In addtion to the usual discussion topics: publication ethics, review processes and ongoing content projects such as the Scopus Books Expansion program and the Cited References Expansion program, Board members will get to meet more of the people who work on Scopus! From customer support to market development to the Elsevier Research Intelligence analytics team, I know that the presentations and discussions will be engaging and lively.
So what is the CSAB exactly and what do they do? The Scopus Content Selection & Advisory Board is an international group of scientists, researchers and librarians who each represent a major scientific discipline. Board members are responsible for reviewing all titles that are suggested to Scopus and their recommendations directly influence the overall direction of Scopus to ensure that Scopus continues to stay international and relevant.
Want to meet our Board members? Check out this guest post by Karen Holland, Subject Chair for Nursing, Health Professions and Education. You can also hear from two of our Subject Chairs, Dr. David Rew and Wouter Gerritsma, who participated as panelists for Elsevier Library Connect webinars. Dr. Rew participated in the "How librarians can help researchers navigate open access choices" while Mr. Gerritsma offered his views on "How librarians are raising researchers' reputations".
The Scopus h-index, what's it all about? Part II
Yesterday we brought you the first of two posts on the h-index. Since many of the questions the Scopus team receives from users are related to the h-index and how it is calculated, we thought it was a worthy topic for two posts. Today's post, Part II, is focused on a specific author and his/her h-index. Thanks again to our guest author Meshna Koren, Second Line Support Manager for Scopus (also known as "she who knows all about Scopus").
Obviously, nobody cares about an h-index for articles about water and ice on Mars; people want to be able to evaluate another author's work! So they'd run a search more like this instead: AU-ID(26643014200) or AU-ID("Baker, Victor R." 26643014200) which would return all articles that were written by Mr. Baker. We get the results, we calculate Citation Overview and we look at the great h-index of 40.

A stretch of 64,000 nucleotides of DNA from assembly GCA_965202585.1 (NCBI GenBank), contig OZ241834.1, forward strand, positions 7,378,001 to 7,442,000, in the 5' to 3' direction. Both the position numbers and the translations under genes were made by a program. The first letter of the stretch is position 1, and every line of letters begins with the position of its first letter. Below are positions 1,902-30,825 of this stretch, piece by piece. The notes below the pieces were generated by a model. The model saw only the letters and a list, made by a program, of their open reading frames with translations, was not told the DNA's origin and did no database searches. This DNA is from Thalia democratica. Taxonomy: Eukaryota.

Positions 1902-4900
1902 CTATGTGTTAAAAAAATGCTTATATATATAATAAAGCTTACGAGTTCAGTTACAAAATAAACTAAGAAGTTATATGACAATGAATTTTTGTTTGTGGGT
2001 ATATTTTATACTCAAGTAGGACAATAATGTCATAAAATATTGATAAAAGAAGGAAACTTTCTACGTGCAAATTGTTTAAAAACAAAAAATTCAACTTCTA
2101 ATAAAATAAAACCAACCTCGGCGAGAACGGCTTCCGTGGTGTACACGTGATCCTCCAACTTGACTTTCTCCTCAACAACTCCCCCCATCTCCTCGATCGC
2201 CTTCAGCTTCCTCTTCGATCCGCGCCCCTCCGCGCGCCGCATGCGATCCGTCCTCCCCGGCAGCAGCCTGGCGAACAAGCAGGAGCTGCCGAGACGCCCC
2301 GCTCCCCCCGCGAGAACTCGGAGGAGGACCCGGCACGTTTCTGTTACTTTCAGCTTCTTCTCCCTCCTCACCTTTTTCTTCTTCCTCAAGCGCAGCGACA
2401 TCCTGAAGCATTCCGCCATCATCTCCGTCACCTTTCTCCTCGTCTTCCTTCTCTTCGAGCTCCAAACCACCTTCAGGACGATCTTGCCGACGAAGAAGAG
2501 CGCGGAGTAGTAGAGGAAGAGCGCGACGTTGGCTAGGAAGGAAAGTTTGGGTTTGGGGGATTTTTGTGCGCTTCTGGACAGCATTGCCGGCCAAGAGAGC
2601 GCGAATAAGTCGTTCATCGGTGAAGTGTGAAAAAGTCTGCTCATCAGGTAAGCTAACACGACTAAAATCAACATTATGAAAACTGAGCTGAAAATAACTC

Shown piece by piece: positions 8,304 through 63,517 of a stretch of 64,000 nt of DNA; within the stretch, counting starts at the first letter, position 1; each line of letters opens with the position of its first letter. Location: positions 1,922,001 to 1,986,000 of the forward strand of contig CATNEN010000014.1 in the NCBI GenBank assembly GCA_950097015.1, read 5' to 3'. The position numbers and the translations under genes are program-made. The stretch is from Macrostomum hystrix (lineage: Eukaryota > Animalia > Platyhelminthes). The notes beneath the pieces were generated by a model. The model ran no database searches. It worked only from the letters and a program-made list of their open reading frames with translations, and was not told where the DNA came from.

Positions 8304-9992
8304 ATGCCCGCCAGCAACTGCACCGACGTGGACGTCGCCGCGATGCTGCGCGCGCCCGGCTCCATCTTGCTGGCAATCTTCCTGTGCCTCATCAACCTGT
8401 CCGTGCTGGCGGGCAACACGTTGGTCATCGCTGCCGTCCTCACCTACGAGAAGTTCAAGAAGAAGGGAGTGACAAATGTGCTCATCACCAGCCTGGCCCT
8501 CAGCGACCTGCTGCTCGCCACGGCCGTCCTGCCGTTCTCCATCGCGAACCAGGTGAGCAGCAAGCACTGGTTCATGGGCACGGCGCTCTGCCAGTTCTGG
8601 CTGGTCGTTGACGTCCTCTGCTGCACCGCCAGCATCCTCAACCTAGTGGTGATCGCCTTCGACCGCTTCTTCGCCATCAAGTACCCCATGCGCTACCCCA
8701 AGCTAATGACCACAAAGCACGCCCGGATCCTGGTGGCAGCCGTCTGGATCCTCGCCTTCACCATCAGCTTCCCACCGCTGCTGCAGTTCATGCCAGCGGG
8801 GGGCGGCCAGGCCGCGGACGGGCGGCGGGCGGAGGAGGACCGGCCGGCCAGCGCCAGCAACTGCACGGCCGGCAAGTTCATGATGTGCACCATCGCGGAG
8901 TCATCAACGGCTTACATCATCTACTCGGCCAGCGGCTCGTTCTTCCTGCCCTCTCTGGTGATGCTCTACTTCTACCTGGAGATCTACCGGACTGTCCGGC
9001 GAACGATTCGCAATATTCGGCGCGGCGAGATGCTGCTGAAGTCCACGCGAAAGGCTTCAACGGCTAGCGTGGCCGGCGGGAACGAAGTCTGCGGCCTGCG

This is a high value for one author. It means the author participated (we do not distinguish in the order of author names when calculating citations, all authors are equal in this regard) in the authoring of 40 articles of which each has been cited at least 40 times. Think about that for a moment…that's some impact!
Still, this value may still be unfair. Because for all these articles: AU-ID("Baker, Victor R." 26643014200) AND PUBYEAR BEF 1996 we may be displaying a low citation count that’s too low (though this will be changing, read more on the Scopus Cited References Expansion project).
To even things out, we display an h-index value on author profile page that only uses documents published in 1996 or later. And when visiting this page, a user may be shocked to find that the value is only 26.That's a big difference, it must surely be wrong!
But it isn't; if you read what the value represents, we state that "The h-index considers Scopus articles published after 1995." and that is not quite the same thing as "not having complete citation information for pre-1996 content". And if you follow the link to Citation Overview, you will see the same 5,120 total citations given to Baker's papers, but the h-index here also says: "The h-index considers Scopus articles published after 1995."